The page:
Make sure you claim depreciation deductions this financial year
There are many complex factors for commercial property investors to consider when lodging a tax return, including property depreciation.
To help you get the most out of your commercial property, here are six tax time tips on depreciation:
- If a commercial property was built before 1982, it’s not too old to claim depreciation
Both new and older commercial properties will attract some depreciation deductions.
Depreciation deductions can be claimed for the wear and tear of the building structure via a capital works deduction and for the plant and equipment assets contained within the property.
The Australian Taxation Office (ATO) places restrictions on claiming capital works deductions. For most commercial buildings these deductions can only be claimed if the property commenced construction after the 20th of July 1982. For traveler accommodation this date is the 21st of August 1979. Depending on the year of construction, capital works deductions can be claimed at either 2.5 or 4 per cent.
Depreciation deductions for plant and equipment assets are generally calculated based on the individual effective life for each item as well as their condition and quality. Immediate write-off and pooling rules may also apply if an asset is below a certain value, particularly for small and medium sized business owners. As plant and equipment items are rarely the same age as the property and are often replaced and updated, there can be significant deductions available.
2. Claim renovations completed by a previous owner of the property
Any renovations completed to an investment property can be claimed, even if they were completed by a previous owner. This can include items such as new plumbing, waterproofing or updated electrical wiring.
For capital improvements of a structural nature to qualify as capital works deductions, the renovation must have commenced within the qualifying dates set by the ATO.
Recently installed plant and equipment items are also likely to receive higher depreciation deductions due to the increased costs involved in purchasing and installing these assets.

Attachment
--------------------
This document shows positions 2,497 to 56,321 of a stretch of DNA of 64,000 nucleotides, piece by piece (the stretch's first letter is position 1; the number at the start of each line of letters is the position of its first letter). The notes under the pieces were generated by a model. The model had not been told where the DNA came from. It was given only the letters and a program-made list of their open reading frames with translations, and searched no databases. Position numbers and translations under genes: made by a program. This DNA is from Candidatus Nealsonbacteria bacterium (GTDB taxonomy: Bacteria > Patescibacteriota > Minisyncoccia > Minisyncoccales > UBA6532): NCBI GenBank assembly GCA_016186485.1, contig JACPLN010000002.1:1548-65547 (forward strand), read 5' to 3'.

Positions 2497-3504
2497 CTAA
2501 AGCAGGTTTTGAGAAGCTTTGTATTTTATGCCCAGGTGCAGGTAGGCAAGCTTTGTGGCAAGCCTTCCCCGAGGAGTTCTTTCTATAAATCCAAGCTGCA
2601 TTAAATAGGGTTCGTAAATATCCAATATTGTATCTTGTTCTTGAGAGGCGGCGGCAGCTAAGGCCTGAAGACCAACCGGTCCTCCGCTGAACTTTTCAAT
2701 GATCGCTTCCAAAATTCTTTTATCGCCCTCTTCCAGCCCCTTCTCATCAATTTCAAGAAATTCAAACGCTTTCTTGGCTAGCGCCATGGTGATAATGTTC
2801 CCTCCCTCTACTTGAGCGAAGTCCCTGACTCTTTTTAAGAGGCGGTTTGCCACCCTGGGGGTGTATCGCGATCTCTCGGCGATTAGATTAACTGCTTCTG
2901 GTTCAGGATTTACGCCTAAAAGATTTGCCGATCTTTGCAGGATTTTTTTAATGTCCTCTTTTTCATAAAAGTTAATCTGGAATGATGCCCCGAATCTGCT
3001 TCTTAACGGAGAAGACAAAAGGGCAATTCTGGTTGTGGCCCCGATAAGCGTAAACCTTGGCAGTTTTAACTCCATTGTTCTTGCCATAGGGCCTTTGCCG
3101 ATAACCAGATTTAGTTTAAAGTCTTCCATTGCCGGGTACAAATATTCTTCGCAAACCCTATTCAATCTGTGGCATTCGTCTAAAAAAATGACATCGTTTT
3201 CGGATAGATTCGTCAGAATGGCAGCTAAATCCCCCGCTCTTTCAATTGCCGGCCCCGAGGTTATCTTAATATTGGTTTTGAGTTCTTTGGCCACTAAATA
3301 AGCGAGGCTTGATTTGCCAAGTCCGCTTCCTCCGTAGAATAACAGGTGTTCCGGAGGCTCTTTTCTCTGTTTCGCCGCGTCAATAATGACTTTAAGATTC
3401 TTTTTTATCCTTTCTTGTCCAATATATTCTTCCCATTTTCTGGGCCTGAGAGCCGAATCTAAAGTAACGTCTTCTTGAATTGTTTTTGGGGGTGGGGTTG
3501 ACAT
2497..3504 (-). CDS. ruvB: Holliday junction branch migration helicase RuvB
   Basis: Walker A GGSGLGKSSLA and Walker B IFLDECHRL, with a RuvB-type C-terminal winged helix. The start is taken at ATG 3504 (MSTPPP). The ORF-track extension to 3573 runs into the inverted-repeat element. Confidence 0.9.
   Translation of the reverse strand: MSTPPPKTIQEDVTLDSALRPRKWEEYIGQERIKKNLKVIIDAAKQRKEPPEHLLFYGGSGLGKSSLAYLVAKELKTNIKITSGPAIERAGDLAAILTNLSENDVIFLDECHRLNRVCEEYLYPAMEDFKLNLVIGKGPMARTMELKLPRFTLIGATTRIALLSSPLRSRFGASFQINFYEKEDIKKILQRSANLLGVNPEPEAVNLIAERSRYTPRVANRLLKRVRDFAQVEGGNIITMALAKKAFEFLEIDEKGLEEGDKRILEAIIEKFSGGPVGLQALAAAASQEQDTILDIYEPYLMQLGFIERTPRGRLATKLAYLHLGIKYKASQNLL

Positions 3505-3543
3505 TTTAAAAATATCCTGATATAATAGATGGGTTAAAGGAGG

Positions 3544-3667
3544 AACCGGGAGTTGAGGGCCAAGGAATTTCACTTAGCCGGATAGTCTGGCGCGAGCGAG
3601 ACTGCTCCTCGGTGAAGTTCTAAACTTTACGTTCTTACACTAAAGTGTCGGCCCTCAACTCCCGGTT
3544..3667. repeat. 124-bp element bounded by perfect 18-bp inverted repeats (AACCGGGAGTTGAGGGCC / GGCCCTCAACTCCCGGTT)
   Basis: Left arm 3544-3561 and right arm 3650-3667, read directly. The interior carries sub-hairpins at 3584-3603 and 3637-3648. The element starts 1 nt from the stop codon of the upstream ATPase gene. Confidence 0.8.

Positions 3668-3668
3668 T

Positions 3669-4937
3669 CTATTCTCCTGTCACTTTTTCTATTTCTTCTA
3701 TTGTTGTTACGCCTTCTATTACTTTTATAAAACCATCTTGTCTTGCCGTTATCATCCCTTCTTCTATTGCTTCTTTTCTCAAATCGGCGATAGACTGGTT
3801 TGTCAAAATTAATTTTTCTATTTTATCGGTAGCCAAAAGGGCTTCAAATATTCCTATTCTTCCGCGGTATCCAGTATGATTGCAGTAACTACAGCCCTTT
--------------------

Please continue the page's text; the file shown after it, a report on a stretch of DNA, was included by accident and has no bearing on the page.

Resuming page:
3. Both tenants and owners are entitled to claim depreciation for any fit-out
Commercial tenants can claim depreciation for any fit-out they add to a property once their lease commences. This includes items such as desks, blinds, shelving, carpets, vinyl, fire fighting equipment and security systems.
If lease conditions mandate a tenant return the property to its original condition, they may also be able to claim a write-off for any remaining depreciable value available on scrapped assets. This 100 per cent deduction must be done in the same year as the item is removed from the property. Any assets a tenant leaves behind after the tenancy has ended can also be claimed by the commercial property owner. Deductions for fit-out can become very complicated, so it’s important to consult with an expert.
4. Don’t wait if you’ve only just purchased a property
If you’ve only just purchased a property, don’t wait until the next financial year to claim depreciation deductions. You could miss out on valuable cash that can be particularly beneficial after outlaying substantial funds to secure the property. Specialist Quantity Surveyors use legislative tools, for example immediate write-off and low-value pooling, to make partial year claims more beneficial to property owners. It’s worth consulting with an expert to find out the claims available. You can also claim the tax depreciation schedule fee straight back in the same financial year if you arrange the schedule before the 30th of June.
5. Previous years tax returns can be adjusted
If you haven’t been maximising your deductions and claiming depreciation, the previous two financial year’s tax returns can be amended. A tax depreciation schedule can provide the details of any deductions missed for your Accountant to make a claim.
6. Get an expert to assess the property and perform a site inspection
To ensure the correct deductions are claimed, speak with a specialist Quantity Surveyor. These experts are recognised under Tax Ruling 97/25 as one of the few professionals with the appropriate qualifications necessary to estimate construction costs for depreciation purposes. A Quantity Surveyor will inspect the property to make sure every plant and equipment asset is identified and that claims for fit-outs are correctly noted. Depreciation schedules make the process easy and enable you to claim the maximum deductions possible.
If you’d like more information on depreciation, speak with one of our staff.
Article provided by BMT Tax Depreciation.
Bradley Beer (B. Con. Mgt, AAIQS, MRICS, AVAA) is the Chief Executive Officer of BMT Tax Depreciation.